Emma G Keller on women in high places:
Marissa Mayer is clearly an all-or-nothing person, used to working on her terms. She is a talented woman, and we all appreciate daily what she did at Google. She seems to be having the same attractive effect on Yahoo. But does this make her a good manager? Not if that means being in touch with the goodwill of her employees. Step one in this process is to show you value other people’s time. We’ve already learned how Mayer is chronically late for meetings, making her subordinates wait for an hour or more for her to show up.
Now, she wants more of their time – for free. Her decision is a costly one, whatever the payoff in cafeteria chat and brainstorming on the bus. Will she underwrite the commuting time and expense? Will there be a gas allowance? Parking? Will employees have their own desks?
Well, if she doesn’t supply any of those things, why not go find another company that does, and work for them?
There is absolutely no concession made for those with families. Yes, I know this is unsurprising from a woman who skipped her own maternity leave. But forget the expense of finding childcare to cover this new work situation, what happens when someone gets, you know, sick?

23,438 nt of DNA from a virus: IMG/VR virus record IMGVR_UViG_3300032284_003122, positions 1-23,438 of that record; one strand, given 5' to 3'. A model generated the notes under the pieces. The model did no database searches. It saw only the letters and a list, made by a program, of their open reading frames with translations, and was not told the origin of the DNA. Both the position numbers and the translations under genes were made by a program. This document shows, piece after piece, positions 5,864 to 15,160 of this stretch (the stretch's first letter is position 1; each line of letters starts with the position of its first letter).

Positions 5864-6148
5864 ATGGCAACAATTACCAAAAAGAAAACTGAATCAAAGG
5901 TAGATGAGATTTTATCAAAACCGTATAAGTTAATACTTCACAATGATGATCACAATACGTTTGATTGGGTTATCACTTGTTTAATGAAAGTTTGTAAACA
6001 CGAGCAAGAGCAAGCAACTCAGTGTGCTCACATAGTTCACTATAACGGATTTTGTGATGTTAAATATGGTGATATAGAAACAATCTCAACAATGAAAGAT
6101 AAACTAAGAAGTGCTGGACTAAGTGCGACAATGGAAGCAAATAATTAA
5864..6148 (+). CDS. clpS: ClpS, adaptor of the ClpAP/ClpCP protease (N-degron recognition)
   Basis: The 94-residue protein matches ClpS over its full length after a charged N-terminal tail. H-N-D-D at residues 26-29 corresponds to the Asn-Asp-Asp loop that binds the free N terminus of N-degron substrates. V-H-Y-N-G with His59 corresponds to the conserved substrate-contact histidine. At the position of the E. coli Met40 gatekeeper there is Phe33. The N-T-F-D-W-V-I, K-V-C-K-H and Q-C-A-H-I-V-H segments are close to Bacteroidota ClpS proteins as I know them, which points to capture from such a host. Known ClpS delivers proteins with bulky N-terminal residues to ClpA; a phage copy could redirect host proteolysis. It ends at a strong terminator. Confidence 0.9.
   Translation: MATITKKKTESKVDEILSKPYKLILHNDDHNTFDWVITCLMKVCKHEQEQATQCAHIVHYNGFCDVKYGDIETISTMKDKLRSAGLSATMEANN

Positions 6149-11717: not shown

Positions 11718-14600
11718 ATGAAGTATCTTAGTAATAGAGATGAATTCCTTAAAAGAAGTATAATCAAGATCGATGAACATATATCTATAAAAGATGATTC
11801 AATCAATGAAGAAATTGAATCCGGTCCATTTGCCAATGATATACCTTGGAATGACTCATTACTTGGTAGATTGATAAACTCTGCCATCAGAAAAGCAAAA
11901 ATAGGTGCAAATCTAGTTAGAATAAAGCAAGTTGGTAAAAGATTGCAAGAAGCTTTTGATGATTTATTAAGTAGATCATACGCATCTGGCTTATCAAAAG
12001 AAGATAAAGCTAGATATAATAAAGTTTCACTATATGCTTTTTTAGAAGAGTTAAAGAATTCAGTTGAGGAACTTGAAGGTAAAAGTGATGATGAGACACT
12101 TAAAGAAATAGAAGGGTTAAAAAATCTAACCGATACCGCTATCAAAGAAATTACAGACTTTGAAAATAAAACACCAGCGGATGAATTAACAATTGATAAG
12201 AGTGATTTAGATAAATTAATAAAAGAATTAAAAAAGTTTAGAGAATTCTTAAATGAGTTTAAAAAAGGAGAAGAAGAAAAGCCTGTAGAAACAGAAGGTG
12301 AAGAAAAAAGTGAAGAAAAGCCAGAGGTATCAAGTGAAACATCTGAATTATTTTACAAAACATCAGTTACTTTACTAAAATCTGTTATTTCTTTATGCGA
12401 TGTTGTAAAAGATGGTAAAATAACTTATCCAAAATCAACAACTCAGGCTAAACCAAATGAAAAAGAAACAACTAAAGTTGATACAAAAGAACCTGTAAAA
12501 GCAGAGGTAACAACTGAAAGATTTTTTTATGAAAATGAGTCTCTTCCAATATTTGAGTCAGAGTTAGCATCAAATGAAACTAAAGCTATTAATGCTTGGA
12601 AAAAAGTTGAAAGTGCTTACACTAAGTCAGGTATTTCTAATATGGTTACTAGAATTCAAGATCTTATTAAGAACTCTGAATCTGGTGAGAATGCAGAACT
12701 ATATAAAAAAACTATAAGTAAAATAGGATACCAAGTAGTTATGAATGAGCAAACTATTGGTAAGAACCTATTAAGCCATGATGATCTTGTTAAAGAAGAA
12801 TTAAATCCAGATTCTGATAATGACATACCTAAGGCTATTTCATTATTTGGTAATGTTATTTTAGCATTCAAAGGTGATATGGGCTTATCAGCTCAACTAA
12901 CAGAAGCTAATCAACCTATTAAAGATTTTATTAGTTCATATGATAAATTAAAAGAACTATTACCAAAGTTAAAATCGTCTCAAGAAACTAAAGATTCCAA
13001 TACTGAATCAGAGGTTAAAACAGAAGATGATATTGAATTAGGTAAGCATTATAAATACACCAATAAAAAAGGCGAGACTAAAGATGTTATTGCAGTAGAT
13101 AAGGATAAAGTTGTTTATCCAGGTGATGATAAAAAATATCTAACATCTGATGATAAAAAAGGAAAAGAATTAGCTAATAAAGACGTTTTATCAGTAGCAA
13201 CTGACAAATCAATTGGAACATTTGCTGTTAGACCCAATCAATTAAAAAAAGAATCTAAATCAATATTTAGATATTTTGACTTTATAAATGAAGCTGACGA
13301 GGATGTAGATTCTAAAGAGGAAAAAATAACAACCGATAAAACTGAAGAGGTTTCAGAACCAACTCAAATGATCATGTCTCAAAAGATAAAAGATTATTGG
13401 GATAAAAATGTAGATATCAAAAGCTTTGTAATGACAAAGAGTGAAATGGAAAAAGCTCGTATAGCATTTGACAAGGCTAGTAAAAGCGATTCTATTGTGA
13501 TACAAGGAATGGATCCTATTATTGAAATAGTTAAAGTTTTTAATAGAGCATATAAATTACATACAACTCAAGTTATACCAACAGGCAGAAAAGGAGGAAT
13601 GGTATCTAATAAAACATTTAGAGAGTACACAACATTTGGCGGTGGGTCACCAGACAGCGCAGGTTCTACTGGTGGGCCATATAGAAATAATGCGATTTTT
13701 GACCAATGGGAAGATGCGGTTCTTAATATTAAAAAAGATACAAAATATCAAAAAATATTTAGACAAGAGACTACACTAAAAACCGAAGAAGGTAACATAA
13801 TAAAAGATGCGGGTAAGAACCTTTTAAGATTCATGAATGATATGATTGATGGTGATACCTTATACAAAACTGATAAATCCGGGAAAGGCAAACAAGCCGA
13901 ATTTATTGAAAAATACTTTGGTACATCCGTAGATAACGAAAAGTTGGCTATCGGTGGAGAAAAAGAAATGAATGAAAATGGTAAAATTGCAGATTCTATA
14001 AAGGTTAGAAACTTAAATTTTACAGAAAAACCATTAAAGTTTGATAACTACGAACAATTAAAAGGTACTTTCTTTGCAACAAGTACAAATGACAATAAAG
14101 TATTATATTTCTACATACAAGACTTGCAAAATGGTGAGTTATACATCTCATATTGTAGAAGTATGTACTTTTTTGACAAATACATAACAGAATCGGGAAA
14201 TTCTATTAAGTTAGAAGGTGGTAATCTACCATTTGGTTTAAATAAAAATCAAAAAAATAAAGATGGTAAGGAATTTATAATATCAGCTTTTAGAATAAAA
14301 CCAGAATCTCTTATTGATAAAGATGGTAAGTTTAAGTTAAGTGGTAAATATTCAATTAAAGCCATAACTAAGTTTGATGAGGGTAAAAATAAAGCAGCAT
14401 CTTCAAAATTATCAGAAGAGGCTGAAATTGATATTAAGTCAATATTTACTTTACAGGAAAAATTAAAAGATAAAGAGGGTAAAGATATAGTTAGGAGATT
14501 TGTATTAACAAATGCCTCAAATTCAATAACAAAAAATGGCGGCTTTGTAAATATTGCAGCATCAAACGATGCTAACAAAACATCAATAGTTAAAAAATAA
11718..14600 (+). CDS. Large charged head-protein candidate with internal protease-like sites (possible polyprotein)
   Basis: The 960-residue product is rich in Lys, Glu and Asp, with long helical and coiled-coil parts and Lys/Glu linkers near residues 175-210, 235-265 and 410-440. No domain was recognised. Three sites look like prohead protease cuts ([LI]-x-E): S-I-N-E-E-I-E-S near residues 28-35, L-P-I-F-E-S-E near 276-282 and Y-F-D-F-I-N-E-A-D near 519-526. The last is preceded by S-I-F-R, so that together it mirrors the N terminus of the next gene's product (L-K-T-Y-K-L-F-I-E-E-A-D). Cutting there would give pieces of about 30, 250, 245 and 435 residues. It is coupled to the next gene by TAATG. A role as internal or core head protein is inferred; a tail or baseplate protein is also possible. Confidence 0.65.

But…aren’t we always being told that having more women in positions of authority will usher in a fairer, more caring society? And, what’s more, told that in the pages of the ‘Guardian’? Over and over and over?
Do you mean to say that it might not be true?
Over at the Huffington Post, where contributors often toil for nothing, Arianna Huffington has a policy that “anybody starting a new book must either leave employment or take a sabbatical.” She’s referring to her paid employees, of course. This policy recently forced her executive editor Tim O’Brien out of the company. He had a multi-book contract to honor and wasn’t allowed to do both. Huffington founded the Huffington Post in 2005. Since then, she has written three books herself, without taking a sabbatical or leaving the company.
In her 2007 book, On Becoming Fearless – in Love, Work and Life, she wrote about how good it was to write a book while running her 24/7 website because she could “post excerpts from the chapters I was working on, which produced immediate feedback and led to some great comments”. So it’s OK for her, then.
Yes. She’s the boss. And she’s not conforming to the fond imaginings of the feminists. How delicious!
Two companies, two women at the top, two sets of unbending rules. We’ve come a long way, baby.
Yes indeed. We’ve achieved true equality. Women are in charge and they are proving to be just like the men in charge.
What do you mean, that wasn’t what you wanted, or expected?